For one, the narrative purpose of the scene means that it fits in the film’s story and has a reason for existing that suits the characters of Maverick, Penny, and the Top Gun cadets. This – combined with the modernized element of Top Gun featuring female recruits who share in the beach sports activities – and the conversation between Maverick and Vice Admiral Cyclone driving home the film’s narrative purpose means that Top Gun: Maverick’s beach scene does not have the same homoerotic elements of its predecessor, though with enough similarities to pay homage to the iconic Top Gun.
Maverick’s Beach Scene Has More Narrative Purpose Than Top Gun’s
The major thing that sets both scenes apart is that Top Gun: Maverick’s undoubtedly has more narrative purpose than Top Gun’s. Top Gun’s beach scene still has a small amount of story elements, in that it further establishes both Goose and Maverick’s strong bond with each other and furthers Maverick and Iceman’s pilot rivalry. However, beyond this, the scene holds no true purpose to the film, and it is hard to see how the movie as a whole would be negatively impacted narratively should the scene be removed.
Conversely, Top Gun: Maverick’s central story ties directly to the sequence. The entire plot of Maverick surrounds the titular character needing to train Top Gun’s cadets for a seemingly impossible mission. This means training them to be able to fly the mission successfully, while also teaching them to be a team and have each other’s backs in the sky. The latter part of this is where the beach scene comes into play. The majority of time spent with Top Gun: Maverick’s recruits before the beach scene shows a distinct tension between them, akin to Maverick and Iceman’s – whose return in Maverick was perfect – steely relationship from the first film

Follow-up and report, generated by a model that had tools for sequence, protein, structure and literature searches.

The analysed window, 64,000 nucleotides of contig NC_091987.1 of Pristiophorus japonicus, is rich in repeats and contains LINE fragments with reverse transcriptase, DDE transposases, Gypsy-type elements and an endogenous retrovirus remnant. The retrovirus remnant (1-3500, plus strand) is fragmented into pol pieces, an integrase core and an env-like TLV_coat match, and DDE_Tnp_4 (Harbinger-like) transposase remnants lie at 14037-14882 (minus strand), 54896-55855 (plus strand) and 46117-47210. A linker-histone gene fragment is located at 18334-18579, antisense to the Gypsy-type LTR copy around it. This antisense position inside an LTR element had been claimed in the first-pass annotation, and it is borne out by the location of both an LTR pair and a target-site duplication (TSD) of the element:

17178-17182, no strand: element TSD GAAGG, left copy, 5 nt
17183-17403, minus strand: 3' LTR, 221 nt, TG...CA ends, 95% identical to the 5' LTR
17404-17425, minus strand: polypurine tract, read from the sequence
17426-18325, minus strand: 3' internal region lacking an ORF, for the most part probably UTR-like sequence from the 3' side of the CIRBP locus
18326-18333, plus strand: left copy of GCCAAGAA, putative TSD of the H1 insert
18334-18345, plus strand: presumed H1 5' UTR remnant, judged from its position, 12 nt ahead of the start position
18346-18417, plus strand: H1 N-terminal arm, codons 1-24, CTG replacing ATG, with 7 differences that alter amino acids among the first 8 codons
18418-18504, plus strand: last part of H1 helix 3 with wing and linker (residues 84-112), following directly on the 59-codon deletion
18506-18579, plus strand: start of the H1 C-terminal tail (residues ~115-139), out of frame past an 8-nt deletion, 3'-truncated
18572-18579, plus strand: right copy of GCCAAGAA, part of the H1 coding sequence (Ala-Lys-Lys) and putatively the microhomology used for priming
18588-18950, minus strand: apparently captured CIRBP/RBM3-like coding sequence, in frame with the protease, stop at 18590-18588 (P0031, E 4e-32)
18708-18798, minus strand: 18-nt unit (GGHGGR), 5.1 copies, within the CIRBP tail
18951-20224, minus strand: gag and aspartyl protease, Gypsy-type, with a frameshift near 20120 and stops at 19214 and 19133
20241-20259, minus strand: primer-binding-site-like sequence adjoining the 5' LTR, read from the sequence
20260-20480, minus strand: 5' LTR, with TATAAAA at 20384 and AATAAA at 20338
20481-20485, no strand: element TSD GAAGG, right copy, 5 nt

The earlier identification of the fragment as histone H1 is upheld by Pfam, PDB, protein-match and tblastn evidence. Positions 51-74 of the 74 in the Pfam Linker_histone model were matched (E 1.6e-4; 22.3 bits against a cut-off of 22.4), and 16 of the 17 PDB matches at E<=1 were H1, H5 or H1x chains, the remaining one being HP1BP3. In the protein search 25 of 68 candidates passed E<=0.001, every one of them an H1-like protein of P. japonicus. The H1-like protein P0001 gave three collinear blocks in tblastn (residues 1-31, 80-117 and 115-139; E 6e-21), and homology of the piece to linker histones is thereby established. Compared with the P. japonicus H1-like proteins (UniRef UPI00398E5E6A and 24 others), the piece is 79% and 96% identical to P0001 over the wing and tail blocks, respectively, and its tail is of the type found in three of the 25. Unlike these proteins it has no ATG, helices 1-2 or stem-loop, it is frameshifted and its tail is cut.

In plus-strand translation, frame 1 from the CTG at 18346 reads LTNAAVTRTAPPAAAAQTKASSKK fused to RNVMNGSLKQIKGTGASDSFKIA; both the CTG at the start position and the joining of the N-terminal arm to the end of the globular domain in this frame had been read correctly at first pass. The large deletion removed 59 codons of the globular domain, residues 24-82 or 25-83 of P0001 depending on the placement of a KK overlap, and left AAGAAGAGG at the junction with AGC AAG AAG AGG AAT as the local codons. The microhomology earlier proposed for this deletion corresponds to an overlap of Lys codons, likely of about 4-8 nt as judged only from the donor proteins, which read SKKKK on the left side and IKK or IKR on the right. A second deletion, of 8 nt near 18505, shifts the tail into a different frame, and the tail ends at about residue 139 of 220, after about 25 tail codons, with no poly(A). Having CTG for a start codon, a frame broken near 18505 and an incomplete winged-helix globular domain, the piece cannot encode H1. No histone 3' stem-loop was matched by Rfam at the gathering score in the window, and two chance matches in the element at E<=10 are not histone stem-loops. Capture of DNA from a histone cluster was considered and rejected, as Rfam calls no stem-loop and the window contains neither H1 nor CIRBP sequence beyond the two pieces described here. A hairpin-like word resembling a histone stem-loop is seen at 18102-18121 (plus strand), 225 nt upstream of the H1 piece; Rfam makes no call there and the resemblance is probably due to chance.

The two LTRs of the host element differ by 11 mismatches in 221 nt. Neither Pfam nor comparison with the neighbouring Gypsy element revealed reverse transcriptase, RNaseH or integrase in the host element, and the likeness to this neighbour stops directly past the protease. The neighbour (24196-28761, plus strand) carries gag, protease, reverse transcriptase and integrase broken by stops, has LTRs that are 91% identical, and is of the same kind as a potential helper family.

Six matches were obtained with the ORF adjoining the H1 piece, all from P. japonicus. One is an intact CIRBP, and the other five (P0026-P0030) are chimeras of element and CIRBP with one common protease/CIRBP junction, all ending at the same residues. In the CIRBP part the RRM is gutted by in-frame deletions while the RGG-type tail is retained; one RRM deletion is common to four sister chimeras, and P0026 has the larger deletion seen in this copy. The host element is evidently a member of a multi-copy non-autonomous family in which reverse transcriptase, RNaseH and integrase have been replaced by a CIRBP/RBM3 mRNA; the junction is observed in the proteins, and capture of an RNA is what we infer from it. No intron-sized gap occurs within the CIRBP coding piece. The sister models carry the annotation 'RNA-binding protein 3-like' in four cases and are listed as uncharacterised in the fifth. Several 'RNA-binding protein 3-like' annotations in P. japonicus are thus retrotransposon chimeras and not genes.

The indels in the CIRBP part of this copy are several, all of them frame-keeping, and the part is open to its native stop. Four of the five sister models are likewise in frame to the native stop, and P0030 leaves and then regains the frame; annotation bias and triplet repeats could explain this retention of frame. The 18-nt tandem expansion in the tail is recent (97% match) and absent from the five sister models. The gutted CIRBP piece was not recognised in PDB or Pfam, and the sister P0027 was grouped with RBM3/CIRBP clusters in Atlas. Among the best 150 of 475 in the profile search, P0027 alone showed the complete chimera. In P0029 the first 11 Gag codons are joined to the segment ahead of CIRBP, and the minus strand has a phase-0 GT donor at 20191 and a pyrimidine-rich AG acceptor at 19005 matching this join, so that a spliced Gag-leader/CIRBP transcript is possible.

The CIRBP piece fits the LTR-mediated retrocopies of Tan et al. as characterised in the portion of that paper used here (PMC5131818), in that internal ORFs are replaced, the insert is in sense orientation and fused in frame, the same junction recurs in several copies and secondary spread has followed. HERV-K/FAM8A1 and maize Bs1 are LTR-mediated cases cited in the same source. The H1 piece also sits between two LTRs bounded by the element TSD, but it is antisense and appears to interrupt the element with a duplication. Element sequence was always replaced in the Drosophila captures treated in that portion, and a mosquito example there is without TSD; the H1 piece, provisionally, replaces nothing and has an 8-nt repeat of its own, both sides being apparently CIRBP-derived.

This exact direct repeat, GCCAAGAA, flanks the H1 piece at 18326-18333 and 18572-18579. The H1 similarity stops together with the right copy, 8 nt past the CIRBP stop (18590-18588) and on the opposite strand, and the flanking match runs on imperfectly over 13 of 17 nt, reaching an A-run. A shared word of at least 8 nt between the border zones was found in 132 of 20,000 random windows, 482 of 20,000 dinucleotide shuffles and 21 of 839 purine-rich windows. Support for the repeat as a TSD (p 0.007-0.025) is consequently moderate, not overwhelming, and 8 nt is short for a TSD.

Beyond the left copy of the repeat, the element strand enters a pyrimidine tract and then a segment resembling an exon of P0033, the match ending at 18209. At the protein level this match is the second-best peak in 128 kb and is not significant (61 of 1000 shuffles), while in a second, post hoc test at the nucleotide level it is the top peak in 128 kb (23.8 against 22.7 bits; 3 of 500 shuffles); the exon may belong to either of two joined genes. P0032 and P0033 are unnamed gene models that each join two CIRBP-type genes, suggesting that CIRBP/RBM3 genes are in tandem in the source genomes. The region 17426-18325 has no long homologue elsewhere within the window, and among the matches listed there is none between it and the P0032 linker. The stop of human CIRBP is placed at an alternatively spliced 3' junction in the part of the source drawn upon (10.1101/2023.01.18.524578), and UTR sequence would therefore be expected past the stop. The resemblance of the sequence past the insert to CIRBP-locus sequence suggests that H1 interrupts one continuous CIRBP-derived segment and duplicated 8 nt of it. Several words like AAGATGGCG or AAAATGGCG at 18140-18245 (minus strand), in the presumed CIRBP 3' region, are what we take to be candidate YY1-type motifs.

However, the beach scene is included in the film in order to bring the cadets together and allow them to see each other as brothers and sisters in arms rather than rivals of a top institute. This is summarized at the end of the scene, with Maverick being questioned on why he and his cadets are playing games when they are on a tight schedule for the mission by Cyclone. Maverick simply replies “You said to create a team, sir. There’s your team.” This is accompanied by shots of the recruits lifting the shy recruit Bob above their heads in their first true display of friendship in the film.
Why Top Gun: Maverick’s Beach Scene Is Better Than Top Gun’s
For this aforementioned narrative purpose alone, Top Gun: Maverick’s beach scene is an improvement on Top Gun’s, with Maverick often considered an improvement overall and one of Cruise’s best movies. While Top Gun’s scene is iconic in its own right and is perfectly emulative of the film’s cheesy 80s action movie tone that makes it so great, Top Gun: Maverick found a way to strike the same tone while making the scene crucial to the story and characters. This narrative element, combined with the more dynamic way the scene is filmed and the continued improvement of the film’s great characters, means that Top Gun: Maverick has the superior beach scene to its predecessor, Top Gun.